Tag: Incarnation

Incarnation and Cultural Engagement

When I wrote last month’s post on “pro-choice” evangelicals, some commenters on Facebook claimed I was arguing that Christians shouldn’t make moral choices but instead adopt an “anything goes” mentality to get along in pluralistic society. I tried to explain in comments and e-mails that I was arguing that we have had a tendency to oversimplify our rhetoric which makes moral positions harder to explain. The problem was not moral choice but how that choice gets characterized by listeners we are trying to influence.

I’ve been thinking a lot about the dynamics of moral argument in a complex, diverse, post-modern, post-Christendom culture. It’s been one of the overarching themes of my blogging over the last six months. I’ve written before about the impact of James Davison Hunter’s To Change the World (which I’m using in my social science of religion class this semester). Hunter, who had written earlier pieces on Culture Wars (1992) now suggests that we evangelicals have been too concerned about leveraging power to create cultural change. In the newer book, he calls for what he labels Faithful Presence.

While discussing the difficulties of cultural engagement with a colleague this week, I was suddenly struck with an image from my childhood: Brer Rabbit and the Tar Baby. It became a way of explaining the problem with conflict-based cultural engagement that has characterized so much of the Culture War debates.

If you ever saw Disney’s Song of the South (known for introducing “Zippity-Do-Dah” to the American songbook), you know it’s way too close to a minstrel show. The happy slave Uncle Remus tells stories in broken dialect to the owner’s young son. The Tar Baby is characterized in the stories and by Disney animators as an insolent black child. But there is a lesson for us in the story valuable enough to make me repeat part of the tale (I found a version without the dialect). In the story, Brer Fox places a Tar Baby in the road as a way to trick Brer Rabbit. The Rabbit greets the Tar Baby who says nothing (being a bunch of Tar shaped like a person).

Brer_Rabbit_and_the_Tar_BabyBrer Rabbit frowned. This strange creature was not very polite. It was beginning to make him mad. “Ahem!” said Brer Rabbit loudly, wondering if the Tar Baby were deaf. “I said ‘HOW ARE YOU THIS MORNING?” The Tar Baby said nothing. Brer Fox curled up into a ball to hide his laugher. His plan was working perfectly! “Are you deaf or just rude?” demanded Brer Rabbit, losing his temper. “I can’t stand folks that are stuck up! You take off that hat and say ‘Howdy-do’ or I’m going to give you such a lickin’!” The Tar Baby just sat in the middle of the road looking as cute as a button and saying nothing at all. Brer Fox rolled over and over under the bushes, fit to bust because he didn’t dare laugh out loud. “I’ll learn ya!” Brer Rabbit yelled. He took a swing at the cute little Tar Baby and his paw got stuck in the tar. “Lemme go or I’ll hit you again,” shouted Brer Rabbit. The Tar Baby, she said nothing. “Fine! Be that way,” said Brer Rabbit, swinging at the Tar Baby with his free paw. Now both his paws were stuck in the tar, and Brer Fox danced with glee behind the bushes. “I’m gonna kick the stuffin’ out of you,” Brer Rabbit said and pounced on the Tar Baby with both feet. They sank deep into the Tar Baby. Brer Rabbit was so furious he head-butted the cute little creature until he was completely covered with tar and unable to move.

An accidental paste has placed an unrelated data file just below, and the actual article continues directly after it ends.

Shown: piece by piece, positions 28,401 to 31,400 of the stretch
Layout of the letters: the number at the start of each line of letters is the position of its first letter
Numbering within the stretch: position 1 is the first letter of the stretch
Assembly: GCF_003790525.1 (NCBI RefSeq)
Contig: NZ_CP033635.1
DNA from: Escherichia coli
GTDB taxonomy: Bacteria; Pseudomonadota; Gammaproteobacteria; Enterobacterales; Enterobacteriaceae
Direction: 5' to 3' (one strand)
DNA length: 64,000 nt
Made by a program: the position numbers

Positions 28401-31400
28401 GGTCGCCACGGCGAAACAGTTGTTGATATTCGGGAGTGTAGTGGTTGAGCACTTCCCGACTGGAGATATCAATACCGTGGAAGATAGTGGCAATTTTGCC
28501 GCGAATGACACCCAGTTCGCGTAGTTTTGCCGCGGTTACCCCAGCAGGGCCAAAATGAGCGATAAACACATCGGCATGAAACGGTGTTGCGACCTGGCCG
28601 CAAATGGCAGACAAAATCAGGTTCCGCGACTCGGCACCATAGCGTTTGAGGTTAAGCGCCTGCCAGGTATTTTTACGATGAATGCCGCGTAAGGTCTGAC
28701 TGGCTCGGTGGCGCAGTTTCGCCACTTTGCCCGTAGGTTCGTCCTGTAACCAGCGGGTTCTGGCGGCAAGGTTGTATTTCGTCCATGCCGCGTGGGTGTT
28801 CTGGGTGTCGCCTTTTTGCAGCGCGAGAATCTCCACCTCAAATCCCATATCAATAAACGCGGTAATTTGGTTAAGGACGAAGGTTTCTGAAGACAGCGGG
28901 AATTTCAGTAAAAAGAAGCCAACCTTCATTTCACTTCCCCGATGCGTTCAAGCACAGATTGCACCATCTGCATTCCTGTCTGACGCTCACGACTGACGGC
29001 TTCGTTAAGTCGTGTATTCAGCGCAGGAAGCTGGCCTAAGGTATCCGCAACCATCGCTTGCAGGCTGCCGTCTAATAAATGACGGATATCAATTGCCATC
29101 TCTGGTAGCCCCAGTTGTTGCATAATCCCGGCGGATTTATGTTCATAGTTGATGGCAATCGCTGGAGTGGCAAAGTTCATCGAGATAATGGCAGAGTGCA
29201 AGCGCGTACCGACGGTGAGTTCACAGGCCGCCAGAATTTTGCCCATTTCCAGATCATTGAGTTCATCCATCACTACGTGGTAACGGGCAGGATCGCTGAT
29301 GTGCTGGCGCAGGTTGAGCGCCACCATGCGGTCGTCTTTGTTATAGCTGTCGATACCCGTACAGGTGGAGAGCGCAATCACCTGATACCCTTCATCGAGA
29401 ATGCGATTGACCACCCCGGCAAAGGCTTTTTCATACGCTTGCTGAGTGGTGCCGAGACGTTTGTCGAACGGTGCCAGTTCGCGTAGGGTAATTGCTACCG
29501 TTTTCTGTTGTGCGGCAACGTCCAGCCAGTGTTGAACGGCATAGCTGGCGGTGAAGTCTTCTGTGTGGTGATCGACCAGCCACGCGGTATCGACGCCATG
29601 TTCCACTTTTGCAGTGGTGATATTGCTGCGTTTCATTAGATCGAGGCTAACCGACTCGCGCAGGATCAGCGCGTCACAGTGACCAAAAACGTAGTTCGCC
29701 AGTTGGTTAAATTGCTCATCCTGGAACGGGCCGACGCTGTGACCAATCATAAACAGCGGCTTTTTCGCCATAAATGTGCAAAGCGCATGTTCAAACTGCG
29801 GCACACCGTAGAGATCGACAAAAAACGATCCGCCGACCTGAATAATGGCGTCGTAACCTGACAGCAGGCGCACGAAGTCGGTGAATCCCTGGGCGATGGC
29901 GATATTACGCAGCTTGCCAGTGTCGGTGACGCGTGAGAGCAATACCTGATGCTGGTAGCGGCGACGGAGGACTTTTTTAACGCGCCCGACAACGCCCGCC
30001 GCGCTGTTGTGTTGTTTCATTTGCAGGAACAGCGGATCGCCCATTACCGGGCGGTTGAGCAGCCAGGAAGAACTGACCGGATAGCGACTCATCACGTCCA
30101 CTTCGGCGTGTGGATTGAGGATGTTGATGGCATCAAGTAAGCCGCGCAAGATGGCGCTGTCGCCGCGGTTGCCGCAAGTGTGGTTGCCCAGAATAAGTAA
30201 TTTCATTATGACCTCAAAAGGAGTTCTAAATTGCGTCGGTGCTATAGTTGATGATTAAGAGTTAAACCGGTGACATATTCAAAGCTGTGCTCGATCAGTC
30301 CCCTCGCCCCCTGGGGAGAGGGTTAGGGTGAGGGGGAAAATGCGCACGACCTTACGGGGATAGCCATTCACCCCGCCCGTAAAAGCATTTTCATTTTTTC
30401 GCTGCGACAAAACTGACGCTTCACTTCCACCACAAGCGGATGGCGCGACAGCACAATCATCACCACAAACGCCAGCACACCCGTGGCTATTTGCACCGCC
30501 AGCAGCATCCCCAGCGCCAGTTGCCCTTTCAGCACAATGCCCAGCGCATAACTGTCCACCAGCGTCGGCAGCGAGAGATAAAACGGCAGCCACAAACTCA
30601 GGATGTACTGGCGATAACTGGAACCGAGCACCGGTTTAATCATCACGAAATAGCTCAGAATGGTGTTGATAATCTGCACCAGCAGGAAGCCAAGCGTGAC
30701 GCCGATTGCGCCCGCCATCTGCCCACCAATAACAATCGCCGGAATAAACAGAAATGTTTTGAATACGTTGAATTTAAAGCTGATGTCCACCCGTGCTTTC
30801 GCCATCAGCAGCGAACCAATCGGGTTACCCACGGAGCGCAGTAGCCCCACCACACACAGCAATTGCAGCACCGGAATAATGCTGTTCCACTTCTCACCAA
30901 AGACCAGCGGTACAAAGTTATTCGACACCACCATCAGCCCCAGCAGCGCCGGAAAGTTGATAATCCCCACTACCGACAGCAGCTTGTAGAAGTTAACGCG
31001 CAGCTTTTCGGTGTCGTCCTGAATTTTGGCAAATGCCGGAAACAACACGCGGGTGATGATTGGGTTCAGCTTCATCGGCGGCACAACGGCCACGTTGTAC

Here’s my takeaway about Culture Warriors. The more one punches at the opposition, the more one gets ensnared in the debate. Regardless of what other good is done, including the desire to reach others for Christ, the tar remains. The culture warrior gets stuck in all the mess and seems unable to move in any way at all. And whatever he or she does, the tar remains behind. Just to name one example among many possible, even though Gordon College has attempted to explain the purpose of the Executive Order letter this summer, groups continue to separate from them (this week it was a school district). The tar is stickier than we imagine.

The difficulty, as Hunter tells us, is that power is a fickle weapon. It’s always dependent upon someone else exerting power from another side. Walter Brueggemann reminds us that power within empire always has a strong element of fear of scarcity. The power must be exercised to protect one against loss.

I was reviewing Brueggemann’s argument in class Thursday night. I had a chart on the board illustrating the connection between Empire, Pharaoh, and Pilate (see chapter one of Truth Speaks to Power). The center of my Empire column was Power. Then, using Brueggemann’s analysis, I contrasted that with the Kingdom of God. What Yahweh, Moses, Jesus all share is a different starting point — a negation of power. We explored what would be in the center of that column. Students suggested Love, Grace, Sacrifice.

I told them that my word in the center is Kenosis. It is the emptying act of the Incarnation that establishes all of Kingdom thinking. As the Philippians passages tell us, this is the concept that was in Christ’s mind that is also to be in ours.

KenosisIf we begin mirroring the Incarnation, we don’t strike out at others. We try instead to enter their space and see things from their perspective. By showing sacrificial love from within that authentic place, we have the opportunity to demonstrate Faithful Presence.

I had two friends illustrate exactly this form of incarnational living in the past few days. Both of them happened into it accidentally, but quickly discovered what it means to incarnate another’s place. My colleague Eric told a story of how he had gone running on a warm Michigan day and had tied up his slightly longish (yet fashionable) hair in what he calls a “snork-like” pony-tail. When completing his run, a car of young men come up behind him and gave a catcall (thinking they were dealing with a woman). In that quick moment before the men realized their mistake, Eric knew the evil of sexism. He had occupied that space with others.